Under the constitution, Ministers of State are appointed after the selection of the Prime Minister. A majority of the Cabinet, including the Prime Minister, must be members of the Diet (but may be members of either house), and all members must be civilians. Under the 2001 Cabinet Law, the number of Ministers of State (excluding the Prime Minister) must be fourteen or less, but this may be increased to seventeen if a special need arises. In the event that the Cabinet collectively resigns it continues to exercise its functions until the appointment of a new Prime Minister. While in office, legal action may not be taken against Ministers of State without the consent of the Prime Minister. The Cabinet must resign en masse in the following circumstances:
The Cabinet exercises two kinds of power. Some of its powers, while in practice exercised in accordance with the binding instructions of the Cabinet, are nominally exercised by the Emperor with the "advice and approval" of the Cabinet. Its other class of powers are exercised by the Cabinet explicitly. Contrary to the practice in many constitutional monarchies, the Emperor of Japan is not even the nominal chief executive of the state. A constitutional monarchy, or a limited monarchy, is a form of Constitutional Government, wherein either an elected or hereditary Monarch is Instead the constitution explicitly vests executive authority in the Cabinet. In Political science and Constitutional law, the executive is the branch of government responsible for the day-to-day management of the State.
In practice, much of the Cabinet's authority is exercised by the Prime Minister. Under the Constitution, he exercises "control and supervision" over the executive branch, and no law or Cabinet order can take effect without his countersignature.
|Prime Minister||Yasuo Fukuda|
|Minister of Internal Affairs and Communications|
Minister of State for Decentralisation Reform, Regional Revitalisation, Regional Government and Privatisation of the Postal Services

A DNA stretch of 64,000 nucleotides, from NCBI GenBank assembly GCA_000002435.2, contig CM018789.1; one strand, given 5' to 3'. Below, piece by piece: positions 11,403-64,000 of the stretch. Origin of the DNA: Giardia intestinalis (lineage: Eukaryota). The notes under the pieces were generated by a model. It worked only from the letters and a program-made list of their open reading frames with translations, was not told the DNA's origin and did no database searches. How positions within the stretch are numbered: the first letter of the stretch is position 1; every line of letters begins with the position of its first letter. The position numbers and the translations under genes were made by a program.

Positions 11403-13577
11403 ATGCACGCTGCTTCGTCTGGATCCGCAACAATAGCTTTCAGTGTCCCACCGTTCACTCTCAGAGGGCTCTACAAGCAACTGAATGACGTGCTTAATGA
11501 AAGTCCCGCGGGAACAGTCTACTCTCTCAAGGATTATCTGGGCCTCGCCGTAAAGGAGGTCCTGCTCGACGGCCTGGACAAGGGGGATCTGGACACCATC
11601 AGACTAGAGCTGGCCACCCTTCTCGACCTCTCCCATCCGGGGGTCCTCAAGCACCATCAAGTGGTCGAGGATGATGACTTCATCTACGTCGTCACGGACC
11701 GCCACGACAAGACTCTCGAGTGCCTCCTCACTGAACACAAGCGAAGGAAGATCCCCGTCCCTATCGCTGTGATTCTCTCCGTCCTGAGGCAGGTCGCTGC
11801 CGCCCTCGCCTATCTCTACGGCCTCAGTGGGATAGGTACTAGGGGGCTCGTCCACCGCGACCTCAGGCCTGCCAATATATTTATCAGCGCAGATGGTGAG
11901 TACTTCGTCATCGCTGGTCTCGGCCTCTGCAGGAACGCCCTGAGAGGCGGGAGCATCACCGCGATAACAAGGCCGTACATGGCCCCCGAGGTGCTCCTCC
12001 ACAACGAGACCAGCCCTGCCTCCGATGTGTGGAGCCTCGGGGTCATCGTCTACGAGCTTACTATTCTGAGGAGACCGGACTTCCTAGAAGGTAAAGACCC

|Minister of Justice||Kunio Hatoyama|
|Minister for Foreign Affairs||Masahiko Kōmura|
|Minister of Finance||Fukushiro Nukaga|
|Minister of Education, Culture, Sports, Science and Technology||Kisaburō Tokai|
|Minister of Health, Labour and Welfare||Yōichi Masuzoe|
|Minister of Agriculture, Forestry and Fisheries||Masatoshi Wakabayashi|
|Minister of Economy, Trade and Industry||Akira Amari|
|Minister of Land, Infrastructure, Transport and Tourism|
Minister for Ocean Policy
|Minister of the Environment|
Minister in Charge of Global Environmental Problems
|Minister of Defence||Shigeru Ishiba|
|Chief Cabinet Secretary|
Minister of State for the Abduction Issue
|Minister of State, Chairman of the National Public Safety Commission|
Minister of State for Disaster Management and Food Safety
|Minister of State for Okinawa and Northern Territories Affairs, Science and Technology Policy, Quality of Life Policy and Regulatory Reform|
Minister of Consumer Affairs
|Minister of State for Financial Services and Administrative Reform||Yoshimi Watanabe|
|Minister of State for Economic and Fiscal Policy||Hiroko Ōta|
|Minister of State for Gender Equality and Social Affairs|
Minister of Public Records Management and National Archives